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Motivation gets you started, but what keeps you going?

Updated: Sep 30, 2021

We’ve all been there. It’s January 1st and we’re extremely excited about our new goals for the year. They’re all laid out in pounds to be lost and money to be earned. But why is it that somewhere around mid-February, all these rock-solid resolutions are nothing but faint memories?

This is such a common phenomenon that researchers at the University of Scranton did a study about it. They found out that after only one week, 23% of people had already quit their resolution. And only 19% were able to keep it for more than 2 years. There are many reasons for this lack of commitment. One major reason is that the change is something you think you are supposed to do, yet not something that you want to do. Or the fact that these new habits, will take the place of activities you enjoy. And maybe that’s not a trade-off you are happy with in the long run. Other reasons for abandon are low self-monitoring and lack of planning. But guess what. There is a simple tool that can help keep track of that. It’s as simple as keeping a journal.

Journaling is a commitment that is relatively easy. At least it’s easier than driving to the gym, running 2 miles, or working 5 hours extra to get that new business up and running. We often lose motivation after that initial excitement because boredom creeps in. It becomes tedious. So, we have to create ways to make our goal fun. By journaling you can set up your goal in baby steps. In this way, you can attack one step at a time and celebrate your win when you cross it off. You can be your own cheerleader and reward yourself each time you reach a baby goal. If you make the commitment to write in your journal—even on the days when you feel like giving up—you are sending signals to yourself that you are sticking to the goals. You will want the story to end well.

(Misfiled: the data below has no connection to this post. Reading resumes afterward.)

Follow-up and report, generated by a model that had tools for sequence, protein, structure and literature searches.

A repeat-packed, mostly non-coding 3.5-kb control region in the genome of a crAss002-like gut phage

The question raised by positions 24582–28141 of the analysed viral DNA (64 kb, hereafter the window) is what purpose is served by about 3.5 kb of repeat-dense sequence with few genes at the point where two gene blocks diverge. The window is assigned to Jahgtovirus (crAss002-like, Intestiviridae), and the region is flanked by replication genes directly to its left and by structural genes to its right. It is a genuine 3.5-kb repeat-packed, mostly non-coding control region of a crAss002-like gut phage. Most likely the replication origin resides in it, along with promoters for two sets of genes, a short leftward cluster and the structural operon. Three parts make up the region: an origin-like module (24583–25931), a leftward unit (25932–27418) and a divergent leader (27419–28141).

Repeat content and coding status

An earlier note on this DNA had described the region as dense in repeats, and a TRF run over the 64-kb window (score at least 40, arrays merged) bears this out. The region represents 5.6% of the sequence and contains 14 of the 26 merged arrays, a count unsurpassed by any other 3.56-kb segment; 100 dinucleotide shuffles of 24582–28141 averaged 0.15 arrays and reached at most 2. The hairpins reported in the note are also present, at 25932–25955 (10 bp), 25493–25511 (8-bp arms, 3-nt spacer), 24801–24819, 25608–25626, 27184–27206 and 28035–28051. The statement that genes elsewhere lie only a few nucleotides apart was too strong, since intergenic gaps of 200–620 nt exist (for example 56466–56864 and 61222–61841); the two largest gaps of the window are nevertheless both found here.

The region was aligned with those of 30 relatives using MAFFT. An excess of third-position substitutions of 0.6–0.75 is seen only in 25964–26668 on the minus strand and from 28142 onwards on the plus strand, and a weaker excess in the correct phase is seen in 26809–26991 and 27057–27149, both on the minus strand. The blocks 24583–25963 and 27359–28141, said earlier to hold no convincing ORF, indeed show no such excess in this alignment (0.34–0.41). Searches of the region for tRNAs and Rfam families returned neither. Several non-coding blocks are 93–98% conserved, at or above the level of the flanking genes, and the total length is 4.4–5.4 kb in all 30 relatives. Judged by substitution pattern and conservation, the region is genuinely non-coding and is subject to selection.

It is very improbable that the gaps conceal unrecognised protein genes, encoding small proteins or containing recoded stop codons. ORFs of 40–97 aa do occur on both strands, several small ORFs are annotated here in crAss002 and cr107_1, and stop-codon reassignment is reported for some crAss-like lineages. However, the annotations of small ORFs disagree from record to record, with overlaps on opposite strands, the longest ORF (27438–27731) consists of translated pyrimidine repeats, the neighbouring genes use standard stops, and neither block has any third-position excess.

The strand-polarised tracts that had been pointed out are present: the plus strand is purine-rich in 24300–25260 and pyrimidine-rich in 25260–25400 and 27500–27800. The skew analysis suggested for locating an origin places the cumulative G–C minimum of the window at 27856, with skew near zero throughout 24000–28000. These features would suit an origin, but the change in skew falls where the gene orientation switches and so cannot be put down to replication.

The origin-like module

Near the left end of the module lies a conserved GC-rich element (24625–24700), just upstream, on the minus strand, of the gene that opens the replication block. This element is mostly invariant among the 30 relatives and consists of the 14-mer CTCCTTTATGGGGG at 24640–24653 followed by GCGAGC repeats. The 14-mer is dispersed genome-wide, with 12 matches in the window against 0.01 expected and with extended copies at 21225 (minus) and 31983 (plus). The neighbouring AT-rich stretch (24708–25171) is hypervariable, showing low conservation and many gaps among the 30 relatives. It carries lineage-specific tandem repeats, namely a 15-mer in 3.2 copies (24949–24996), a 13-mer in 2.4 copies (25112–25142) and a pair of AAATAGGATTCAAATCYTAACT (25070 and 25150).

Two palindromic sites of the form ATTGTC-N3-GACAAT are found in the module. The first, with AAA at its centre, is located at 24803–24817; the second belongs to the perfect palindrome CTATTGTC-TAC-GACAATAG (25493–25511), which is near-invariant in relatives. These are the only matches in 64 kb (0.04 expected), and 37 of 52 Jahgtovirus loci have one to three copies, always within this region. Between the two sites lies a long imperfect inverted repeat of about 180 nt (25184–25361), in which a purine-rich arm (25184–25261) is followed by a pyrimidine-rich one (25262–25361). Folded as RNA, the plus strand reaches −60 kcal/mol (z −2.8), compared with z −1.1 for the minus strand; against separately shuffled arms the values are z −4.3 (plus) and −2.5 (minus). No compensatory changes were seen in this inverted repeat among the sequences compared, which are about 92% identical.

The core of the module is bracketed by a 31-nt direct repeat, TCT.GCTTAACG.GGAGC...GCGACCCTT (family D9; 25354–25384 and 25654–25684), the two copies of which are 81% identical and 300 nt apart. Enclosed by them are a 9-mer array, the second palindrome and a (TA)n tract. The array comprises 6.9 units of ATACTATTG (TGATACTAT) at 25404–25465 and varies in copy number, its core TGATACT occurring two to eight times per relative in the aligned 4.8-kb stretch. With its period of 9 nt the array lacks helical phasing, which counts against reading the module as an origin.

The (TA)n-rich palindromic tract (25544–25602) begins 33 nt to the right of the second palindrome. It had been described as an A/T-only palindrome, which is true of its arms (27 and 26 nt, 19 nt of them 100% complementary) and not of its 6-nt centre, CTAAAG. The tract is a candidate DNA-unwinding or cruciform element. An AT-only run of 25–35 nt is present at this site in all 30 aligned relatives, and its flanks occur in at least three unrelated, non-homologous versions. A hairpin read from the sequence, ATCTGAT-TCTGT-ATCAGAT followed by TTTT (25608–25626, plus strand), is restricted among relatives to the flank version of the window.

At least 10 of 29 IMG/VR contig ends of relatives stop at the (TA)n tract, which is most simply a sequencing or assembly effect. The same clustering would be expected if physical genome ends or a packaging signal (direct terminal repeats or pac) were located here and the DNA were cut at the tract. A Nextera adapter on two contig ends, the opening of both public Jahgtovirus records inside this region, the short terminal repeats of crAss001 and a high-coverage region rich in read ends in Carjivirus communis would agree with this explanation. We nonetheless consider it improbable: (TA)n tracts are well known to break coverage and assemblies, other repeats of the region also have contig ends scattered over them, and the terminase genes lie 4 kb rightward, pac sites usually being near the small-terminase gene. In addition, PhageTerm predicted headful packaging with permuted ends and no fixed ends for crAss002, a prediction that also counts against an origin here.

Another fantastic way to keep on track is creating a vision board containing your goals, photos of what you want to manifest in your life and mantras for example. This is not some type of woo-woo, wishful thinking trend, popularized by the film “The Secret”. Positive effects can easily be explained using our current knowledge of the human brain. Neuroscientist Tara Swart likes to refer to them as “action boards” since the goal is to create something. She explains that the difference between a vision board and a normal to-do list is a brain process called value-tagging. This is a function that human beings use to filter out the millions of impulses we receive every day, keeping only information deemed necessary. Images are assigned a higher value than everyday tasks on a paper. And the more you look at them, the higher the value gets. Looking at them before falling asleep has an even more powerful effect according to Swart.

Even if your imagination is a powerful tool, all that “dream stuff” isn’t going to show up on the doorstep simply by staring at a board. You have to imagine that you are achieving your goals by visualizing them. Activating the senses by imagining how it would smell, taste, feel, or sound like, when you win the bidding round on your new dream house! It has been scientifically proven that the body reacts in very similar ways when imagining a scenario and experiencing it in real life. This is why top athletes use visualization to prepare for competitions.

And what do they visualize? Winning! They recreate every single step over to that finish line. Another benefit is taking away discomfort. Human beings are scared of the unknown. But if you visualize yourself successfully making that presentation at work, you will become familiar with it. When things are familiar, they become safe. This is why it’s recommended to keep your vision board where you’ll see it regularly. But you don’t need to start cutting out magazine photos and gluing photos on a board. We’re in the digital age so you can keep one on your computer desktop or even as your cell phone screensaver. Whichever way suits your lifestyle. The most important parts about visualization and journaling are to start creating habits that stick and to have fun with it.

Keeping it fun is what will make every day like January 1st.

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